Lucy Tyler’s most recent production, ‘The Operators’ (The Georgetown Theatre Company, 2010-11), in summer 2011 ran in Washington to critical acclaim. The Washington City Paper wrote that ‘Lucy Tyler‘s The Operators strays farthest from history, recasting Beatrice as an abused modern-day 14-year-old attempting to report her father’s crimes to an abuse hotline, where the operators are helpless beneath their veneer of caring. The failure of societies 400 years apart to deal appropriately with abuse and find justice for real victims hits with heartbreaking immediacy in what may be the best of the five [plays].’
Finally, this year D.D. Johnston published his debut novel, Peace, Love, & Petrol Bombs, much of which was originally written while he was studying for an MA at the University of Gloucestershire. The novel was a Waterstone’s 3 for 2 book in August and he hopes the sale of the Spanish translation rights will soon be completed. Popmatters described it as ‘a humorous and poignant novel about anarchism,’ which ‘deserves wide acclaim’, while The Morning Star wrote ‘Rarely has a recent work of fiction so naturally and unpretentiously articulated Marx’s analysis of worker alienation explicitly and implicitly in its plotlines and dialogue. (…) Peace, Love and Petrol Bombs has a very urgent relevance now and for the immediate future.’
Thanks to the efforts of Matt Benson and other students, 2011 saw the continuation of the ever popular open-mic nights. These student-organised events are a chance for the university’s creative writers to read their prose or poems, read someone else’s prose or poems, or stand nonchalantly at the back attempting to look vaguely bohemian. The last event of the year, held on Tuesday 6th December, was especially memorable: it was hosted by the University’s new avant-garde performance group, the Jolly Autocratic Committee. By the time we arrived, the function room at the Frog and Fiddle pub was decorated with mobiles and streamers and giant origami cranes.
It looked completely amazing but it took a few moments for us to realise that every piece of decoration was inscribed with quotes from novels, writing advice, or interesting and unusual words. Everybody received a writing themed ‘Merry Quotemas’ card, which inside contained a stanza of poetry, or an extract from a great story or play. We also received complimentary CDs – each hand-prepared and covered with individual artwork – with readings by Kathy Acker, Kenneth Goldsmith, Samuel Beckett, Gertrude Stein, and many others. When we’d crammed into the room, the show began; if you missed the night, or want to relive it, then here’s a sample. First, a frocked and jet-lagged Tim Smith laying down new commandments; next, two great pieces performed by Jess Searle: ‘Nice Shot’ and ‘Family Dinner.’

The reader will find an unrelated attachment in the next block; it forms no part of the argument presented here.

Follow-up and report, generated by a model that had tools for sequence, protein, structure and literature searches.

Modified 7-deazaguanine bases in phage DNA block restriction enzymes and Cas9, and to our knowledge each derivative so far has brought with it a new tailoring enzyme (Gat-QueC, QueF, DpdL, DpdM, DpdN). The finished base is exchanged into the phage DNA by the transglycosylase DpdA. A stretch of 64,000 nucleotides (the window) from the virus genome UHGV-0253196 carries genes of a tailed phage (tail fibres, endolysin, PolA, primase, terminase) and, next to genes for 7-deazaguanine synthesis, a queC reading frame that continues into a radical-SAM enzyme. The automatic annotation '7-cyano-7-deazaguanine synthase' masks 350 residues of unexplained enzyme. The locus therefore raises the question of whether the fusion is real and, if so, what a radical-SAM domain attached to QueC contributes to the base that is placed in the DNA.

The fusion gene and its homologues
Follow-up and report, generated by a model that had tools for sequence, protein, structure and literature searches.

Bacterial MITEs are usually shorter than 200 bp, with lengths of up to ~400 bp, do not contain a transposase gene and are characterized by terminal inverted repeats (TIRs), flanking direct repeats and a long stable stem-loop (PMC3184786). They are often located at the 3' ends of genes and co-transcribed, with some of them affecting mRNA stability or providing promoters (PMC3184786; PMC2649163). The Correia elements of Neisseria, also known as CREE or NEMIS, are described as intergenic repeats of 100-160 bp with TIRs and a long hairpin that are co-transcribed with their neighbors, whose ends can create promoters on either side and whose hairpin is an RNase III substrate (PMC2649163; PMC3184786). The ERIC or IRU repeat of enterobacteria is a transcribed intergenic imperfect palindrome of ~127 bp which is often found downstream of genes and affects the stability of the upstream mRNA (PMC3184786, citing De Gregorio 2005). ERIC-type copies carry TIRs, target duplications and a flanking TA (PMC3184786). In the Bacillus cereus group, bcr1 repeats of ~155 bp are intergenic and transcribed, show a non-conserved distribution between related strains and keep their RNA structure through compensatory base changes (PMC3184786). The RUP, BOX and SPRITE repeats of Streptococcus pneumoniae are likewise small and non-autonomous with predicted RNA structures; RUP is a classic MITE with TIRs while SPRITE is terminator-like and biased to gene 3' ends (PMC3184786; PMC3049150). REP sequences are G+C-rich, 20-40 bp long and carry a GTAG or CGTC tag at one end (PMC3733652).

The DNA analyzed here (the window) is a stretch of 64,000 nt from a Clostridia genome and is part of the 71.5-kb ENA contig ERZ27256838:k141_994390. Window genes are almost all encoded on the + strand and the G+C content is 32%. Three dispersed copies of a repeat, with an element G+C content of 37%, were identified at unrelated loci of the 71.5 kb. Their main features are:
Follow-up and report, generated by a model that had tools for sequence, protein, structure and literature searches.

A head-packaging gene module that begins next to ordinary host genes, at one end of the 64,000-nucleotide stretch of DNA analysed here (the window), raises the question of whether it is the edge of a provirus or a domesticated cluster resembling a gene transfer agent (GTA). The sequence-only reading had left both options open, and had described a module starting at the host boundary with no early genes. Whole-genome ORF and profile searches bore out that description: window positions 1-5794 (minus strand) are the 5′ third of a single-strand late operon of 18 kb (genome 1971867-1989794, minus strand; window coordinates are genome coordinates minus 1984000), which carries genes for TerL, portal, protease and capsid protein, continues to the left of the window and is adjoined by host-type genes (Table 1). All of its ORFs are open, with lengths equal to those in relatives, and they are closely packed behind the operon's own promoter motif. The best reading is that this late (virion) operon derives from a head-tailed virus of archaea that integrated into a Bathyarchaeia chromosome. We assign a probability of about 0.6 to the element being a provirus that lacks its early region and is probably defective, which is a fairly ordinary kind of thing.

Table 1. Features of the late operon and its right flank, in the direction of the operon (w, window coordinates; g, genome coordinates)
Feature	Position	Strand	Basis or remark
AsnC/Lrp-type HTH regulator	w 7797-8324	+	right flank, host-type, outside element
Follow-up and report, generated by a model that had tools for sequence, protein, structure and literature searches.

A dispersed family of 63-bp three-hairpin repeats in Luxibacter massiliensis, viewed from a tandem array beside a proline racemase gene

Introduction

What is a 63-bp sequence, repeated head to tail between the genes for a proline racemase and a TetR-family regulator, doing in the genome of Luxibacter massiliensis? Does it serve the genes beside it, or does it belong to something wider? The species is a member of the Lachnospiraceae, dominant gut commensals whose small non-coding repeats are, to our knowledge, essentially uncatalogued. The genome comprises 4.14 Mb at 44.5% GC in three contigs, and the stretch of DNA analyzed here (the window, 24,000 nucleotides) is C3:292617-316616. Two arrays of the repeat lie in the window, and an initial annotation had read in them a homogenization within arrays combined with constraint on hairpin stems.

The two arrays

The University of Gloucestershire open-mic nights are not the only regular local performance spaces. Buzzwords, which is run by PhD student Angela France, is Cheltenham’s regular live poetry event, held on the first Sunday of the month at The Exmouth Arms, Bath Road. Every Buzzwords evening includes a Writing Workshop (commences 7 pm), followed (at 8 pm) by readings by a guest poet and an open-mic session. The first Buzzwords night of 2012 will be on Sunday January 8th, when the guest poet will be Jonathan Davidson.
Speaking of poetry, 2011 was also the year of the inaugural Cheltenham Poetry festival, where performers included Angela France and MA course leader Nigel McLoughlin. In addition to the University’s finest, the festival starred John Cooper Clarke, T.S. Eliot Prize winner Philip Gross, and George Szirtes, who read in The University of Gloucestershire chapel, accompanied by a group of Georgian singers. The 2012 Cheltenham Poetry Festival will run from the 18th to the 22nd of April.